Sunday, June 7, 2015
Today is the feast of Corpus Christi. That is the body of Christ. It is when we remember the great gift of Himself Jesus gives us in the Eucharist. What I was reflecting on today is the craziness of it. Discussing the idea that maybe someone made up the resurrection of Jesus. Maybe they made up the idea that Jesus is God. Maybe they made up all the miracles. It is a bit much. Could early Christians really believe so much based on no real data in an environment of persecution. If you read them it is harder to believe. The Apostolic fathers had the mindset of staunch conservatives. They fought heresies and searched instead for a deeper understanding of what came from the apostles and the old testament.
Yet after all that I think what maybe the least plausible thing for them to make up is the teaching on the Eucharist. Saying Jesus is God is a stretch, a big stretch. Saying Jesus told them to eat His body and drink His blood is beyond a stretch. Jews didn't even eat meat until all the blood was drained. They would never drink an animal's blood. Yet the early Christians are supposed to have made this up? It is just impossible. Yet the teaching of the real presence of Christ in the Eucharist goes right back to the beginning and without controversy. John relates the words of Jesus in John 6 acknowledging how radical they are yet not backing down from them at all. His disciple, St Ignatius of Antioch, uses these words as an argument against Gnosticism. That is that the body of Jesus must have been physical because it is physically present to us in the Eucharist. It is an interesting argument because it would make zero sense if anyone believed in a symbolic Eucharist.
Then we have St Paul. He accepted the teaching of the apostles without any explanations. Jesus said, “This is my body.” So you had better come to the table contemplating that fully. A lot of the teachings of Jesus are explained further by St Paul in the light of the crucifixion and resurrection. It is quite significant that for this he just relates what Jesus said and did.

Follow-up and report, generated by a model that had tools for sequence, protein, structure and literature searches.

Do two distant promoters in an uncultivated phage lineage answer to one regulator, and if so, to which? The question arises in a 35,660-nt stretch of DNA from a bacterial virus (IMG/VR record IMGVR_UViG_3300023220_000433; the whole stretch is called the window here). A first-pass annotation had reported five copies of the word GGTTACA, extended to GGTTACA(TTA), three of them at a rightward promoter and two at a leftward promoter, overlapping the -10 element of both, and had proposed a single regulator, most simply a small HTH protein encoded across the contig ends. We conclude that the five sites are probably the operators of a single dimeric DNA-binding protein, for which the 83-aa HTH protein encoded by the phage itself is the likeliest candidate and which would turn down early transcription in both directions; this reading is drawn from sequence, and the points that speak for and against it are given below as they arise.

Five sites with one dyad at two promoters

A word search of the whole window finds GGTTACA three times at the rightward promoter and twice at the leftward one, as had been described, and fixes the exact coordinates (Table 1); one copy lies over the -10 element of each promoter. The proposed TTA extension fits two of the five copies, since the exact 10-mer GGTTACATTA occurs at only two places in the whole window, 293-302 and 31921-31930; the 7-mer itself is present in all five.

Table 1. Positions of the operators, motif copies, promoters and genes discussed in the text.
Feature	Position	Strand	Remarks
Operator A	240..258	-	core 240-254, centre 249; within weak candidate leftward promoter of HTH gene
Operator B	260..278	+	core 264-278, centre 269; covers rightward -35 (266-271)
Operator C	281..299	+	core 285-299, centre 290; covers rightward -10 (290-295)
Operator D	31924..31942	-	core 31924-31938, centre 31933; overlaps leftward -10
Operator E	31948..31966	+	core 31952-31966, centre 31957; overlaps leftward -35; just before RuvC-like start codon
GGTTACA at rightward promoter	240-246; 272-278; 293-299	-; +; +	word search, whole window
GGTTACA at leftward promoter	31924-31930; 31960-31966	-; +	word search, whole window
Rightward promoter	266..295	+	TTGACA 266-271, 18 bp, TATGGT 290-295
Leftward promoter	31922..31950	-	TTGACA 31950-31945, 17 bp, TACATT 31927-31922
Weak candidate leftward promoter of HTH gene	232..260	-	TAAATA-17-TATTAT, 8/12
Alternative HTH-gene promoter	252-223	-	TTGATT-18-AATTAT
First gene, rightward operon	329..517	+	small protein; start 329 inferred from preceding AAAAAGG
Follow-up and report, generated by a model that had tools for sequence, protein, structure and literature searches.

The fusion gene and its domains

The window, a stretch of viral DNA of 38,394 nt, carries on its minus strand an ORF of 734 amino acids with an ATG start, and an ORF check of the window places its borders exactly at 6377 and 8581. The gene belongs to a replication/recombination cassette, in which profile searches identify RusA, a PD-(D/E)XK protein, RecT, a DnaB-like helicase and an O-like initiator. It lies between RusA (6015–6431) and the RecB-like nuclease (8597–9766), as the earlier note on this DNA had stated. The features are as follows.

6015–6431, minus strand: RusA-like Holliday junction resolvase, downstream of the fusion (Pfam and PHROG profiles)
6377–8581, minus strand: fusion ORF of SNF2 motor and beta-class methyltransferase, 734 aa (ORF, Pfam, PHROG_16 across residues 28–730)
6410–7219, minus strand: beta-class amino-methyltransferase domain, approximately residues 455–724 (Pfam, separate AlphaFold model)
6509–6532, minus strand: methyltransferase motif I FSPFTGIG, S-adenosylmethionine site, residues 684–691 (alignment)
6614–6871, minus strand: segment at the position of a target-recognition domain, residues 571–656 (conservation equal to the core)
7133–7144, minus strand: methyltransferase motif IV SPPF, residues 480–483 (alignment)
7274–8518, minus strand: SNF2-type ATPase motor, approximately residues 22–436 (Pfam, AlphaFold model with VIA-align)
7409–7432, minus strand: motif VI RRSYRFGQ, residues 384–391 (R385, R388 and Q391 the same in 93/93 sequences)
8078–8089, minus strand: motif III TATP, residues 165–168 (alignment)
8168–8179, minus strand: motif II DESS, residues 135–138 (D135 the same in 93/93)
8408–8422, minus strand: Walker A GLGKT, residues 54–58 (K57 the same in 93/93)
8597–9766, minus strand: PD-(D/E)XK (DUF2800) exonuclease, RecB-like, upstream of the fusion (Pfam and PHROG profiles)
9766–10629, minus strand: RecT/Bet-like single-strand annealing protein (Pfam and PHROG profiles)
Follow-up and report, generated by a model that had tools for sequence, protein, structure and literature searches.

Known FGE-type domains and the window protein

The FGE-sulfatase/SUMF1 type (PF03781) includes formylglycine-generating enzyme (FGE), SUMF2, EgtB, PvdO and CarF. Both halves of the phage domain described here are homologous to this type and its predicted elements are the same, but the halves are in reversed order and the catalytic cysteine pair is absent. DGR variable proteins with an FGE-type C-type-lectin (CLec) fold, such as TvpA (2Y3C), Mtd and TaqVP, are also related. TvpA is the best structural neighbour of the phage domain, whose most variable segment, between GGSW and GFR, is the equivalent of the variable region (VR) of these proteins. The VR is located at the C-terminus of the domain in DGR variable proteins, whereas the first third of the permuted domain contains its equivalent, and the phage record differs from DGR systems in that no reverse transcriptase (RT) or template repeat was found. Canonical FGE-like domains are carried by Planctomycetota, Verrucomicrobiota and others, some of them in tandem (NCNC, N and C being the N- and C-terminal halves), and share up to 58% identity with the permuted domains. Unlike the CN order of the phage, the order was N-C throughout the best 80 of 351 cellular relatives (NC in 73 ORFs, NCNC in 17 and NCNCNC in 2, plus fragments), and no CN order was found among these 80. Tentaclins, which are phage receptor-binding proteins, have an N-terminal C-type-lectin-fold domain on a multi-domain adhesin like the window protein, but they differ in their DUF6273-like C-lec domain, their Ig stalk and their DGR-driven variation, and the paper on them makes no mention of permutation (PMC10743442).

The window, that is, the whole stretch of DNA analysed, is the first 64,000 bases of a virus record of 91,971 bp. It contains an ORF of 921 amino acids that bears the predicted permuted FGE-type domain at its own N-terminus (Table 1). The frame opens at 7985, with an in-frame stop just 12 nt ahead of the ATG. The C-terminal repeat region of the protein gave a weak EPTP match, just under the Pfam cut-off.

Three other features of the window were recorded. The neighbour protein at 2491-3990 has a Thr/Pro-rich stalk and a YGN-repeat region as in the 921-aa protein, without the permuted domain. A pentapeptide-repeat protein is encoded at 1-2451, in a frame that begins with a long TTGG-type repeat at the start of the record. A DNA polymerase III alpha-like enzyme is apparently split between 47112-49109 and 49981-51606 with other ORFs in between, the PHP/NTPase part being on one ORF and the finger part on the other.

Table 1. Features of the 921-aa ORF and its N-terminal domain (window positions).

So if you are a skeptic and think Jesus was just a man then how does this story come into being? It kind of raises the bar on the liar-lunatic-lord argument. That is whoever sold the early church on this idea had to have been crazy. It is just a hard thing to believe. If it isn't true then there is no benefit at all to believing it. You can see why the resurrection might be popular to believe. You can see why the divinity of Jesus might be implausible but might also have some upside in being attractive to some. The eating and drinking of Jesus' body and blood? Who is going to be attracted by that. The Romans would not be. One of the few really strong moral prohibitions they had was against cannibalism. Yet Christians just asked to be accused of cannibalism by teaching this doctrine and, in fact, many Romans did make that claim. Where is the benefit?
So there are many teachings that came from Jesus that the non-Christian has to find a source for. The New Testament changed human society in so many ways. Where did the wisdom and power come from? Much of what flowed from that secular people agree with. The dignity of the human person. Love as a central virtue. The importance of forgiveness. Yet whoever brought us these ideas also brought us many ideas about God, about miracles and about resurrection. That is strange enough but the Eucharist is so much stranger. They tend not to want to believe Jesus taught anything that would make them label him crazy. Yet his followers arrive at such a strange place. How does that happen?